Make the Most of Your Week Lesson #5: Faster and Smarter
There are many definitions of efficiency out there, but we like this one best: “accomplishment of or ability to accomplish a job with a minimum expenditure of time and effort.”
Of course, there are many, many parts of our roles in schools that cannot be “efficiencied” or mechanized or routinized or whatever word least offends you because we deal with PEOPLE – vibrant, dynamic, creative, frustrating, unpredictable, rewarding PEOPLE. It is not our goal to change this (thank goodness!), because that would be, well, impossible.
That said, our most limited resource is our time. To lead lives we love, both personal and professional, we have to make choices about where we’ll choose to be efficient and where we won’t. We bet you’ve made some of these choices already and don’t even realize it.
We’ve gathered a few efficiency tips from Together Teachers over the course of the fall and winter that we wanted to share with you. As always, check policies with your organization, school or district before implementing.
Five Faster and Smarter Tips for Teachers
- Stop grading EVERYTHING—or even having the intention to grade everything (I say this as I know I dipped my head in shame one year by putting a whole bunch of old spelling assignments in the recycling bin. . .). Know the questions in advance you want to grade (likely based on your objectives or aims) and just scan the rest. Or do what I did with homework when I was teaching fifth grade (all subjects mind you!): randomly select two students per day for a super detailed homework check, and then only review select problems for all others. Thanks, Nilda!
- No more toggling–Number your students alphabetically, ensure this number is written on each assignment, and ask a student to put the papers in order numerically. You’ll be amazed at how much time this saves when you enter student data. Or you could go one step further like Sue, and have your spouse call out the grades for you!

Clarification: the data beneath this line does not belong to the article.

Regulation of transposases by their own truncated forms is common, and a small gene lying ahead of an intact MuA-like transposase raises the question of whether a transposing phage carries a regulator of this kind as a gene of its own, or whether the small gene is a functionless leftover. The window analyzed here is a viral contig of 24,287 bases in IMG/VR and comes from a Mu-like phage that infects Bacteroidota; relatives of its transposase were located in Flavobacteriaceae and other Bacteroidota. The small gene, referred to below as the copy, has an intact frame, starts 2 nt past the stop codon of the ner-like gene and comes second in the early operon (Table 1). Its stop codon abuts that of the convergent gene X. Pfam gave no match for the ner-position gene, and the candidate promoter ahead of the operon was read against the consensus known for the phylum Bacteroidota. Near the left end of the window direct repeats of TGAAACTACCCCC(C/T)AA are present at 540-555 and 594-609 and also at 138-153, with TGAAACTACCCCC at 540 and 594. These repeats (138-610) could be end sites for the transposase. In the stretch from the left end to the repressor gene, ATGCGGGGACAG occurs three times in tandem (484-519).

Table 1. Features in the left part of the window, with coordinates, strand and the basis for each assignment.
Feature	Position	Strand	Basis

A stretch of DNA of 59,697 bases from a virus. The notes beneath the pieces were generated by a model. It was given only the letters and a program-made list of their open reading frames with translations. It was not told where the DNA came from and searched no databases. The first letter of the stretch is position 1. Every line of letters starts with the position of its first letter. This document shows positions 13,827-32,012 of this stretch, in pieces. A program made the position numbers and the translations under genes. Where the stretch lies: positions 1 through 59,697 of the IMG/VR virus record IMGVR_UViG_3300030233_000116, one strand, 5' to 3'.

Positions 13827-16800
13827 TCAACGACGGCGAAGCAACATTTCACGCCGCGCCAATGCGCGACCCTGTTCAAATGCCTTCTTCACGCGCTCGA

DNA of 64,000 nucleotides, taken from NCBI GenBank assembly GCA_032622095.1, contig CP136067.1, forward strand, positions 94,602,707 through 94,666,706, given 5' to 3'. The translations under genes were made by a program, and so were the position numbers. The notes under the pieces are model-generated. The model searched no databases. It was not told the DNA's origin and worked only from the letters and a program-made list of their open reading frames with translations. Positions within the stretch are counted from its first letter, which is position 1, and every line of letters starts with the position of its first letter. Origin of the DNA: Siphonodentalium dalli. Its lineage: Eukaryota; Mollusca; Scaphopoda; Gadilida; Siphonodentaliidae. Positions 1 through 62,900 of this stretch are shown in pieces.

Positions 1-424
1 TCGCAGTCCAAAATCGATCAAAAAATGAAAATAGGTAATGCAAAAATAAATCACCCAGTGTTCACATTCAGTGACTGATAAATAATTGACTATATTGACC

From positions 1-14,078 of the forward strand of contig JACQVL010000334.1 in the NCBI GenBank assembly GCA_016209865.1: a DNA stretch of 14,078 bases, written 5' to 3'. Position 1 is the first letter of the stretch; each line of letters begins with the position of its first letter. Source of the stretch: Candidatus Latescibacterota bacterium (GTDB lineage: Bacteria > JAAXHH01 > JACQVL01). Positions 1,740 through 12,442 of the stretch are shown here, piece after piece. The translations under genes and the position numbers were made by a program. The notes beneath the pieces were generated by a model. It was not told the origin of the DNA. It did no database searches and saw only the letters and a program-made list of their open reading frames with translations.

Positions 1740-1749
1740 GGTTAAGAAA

- Format your assignments for easy viewing. This one may seem very simple, but if you design your homework and classwork so you can simply scan down the boxes on the right-hand side of the page for answers, it saves you from searching all around for student responses. Thanks, Jeff V., for sharing your homework assignments with us!
If you want to download a copy of Jeff V.’s awesome homework assignment, click here.
- Have a lamination mindset. We don’t mean laminate everything. We do mean take a few minutes to carefully label or sort your hard work so you can use it AGAIN. This might mean making time to create clear electronic folders and document names for lesson plans and supporting materials. It might mean taking all those manipulatives for the Thanksgiving math lesson and labeling them in a tub. Trust me. You will thank me next fall.
- Keep a “To Copy” folder nearby. We are fans of making all copies for the entire week all at once. If you haven’t mastered that yet (but you will!), keep a folder on your desk for all items to be copied that you collect during the week. Make sure you have it with you when you leave your classroom — you never know when the copier will be miraculously free and you can sneak in a few copies. Thanks, Jenny C.!
Together Discussion Question: How about you? What have you learned to make more efficient?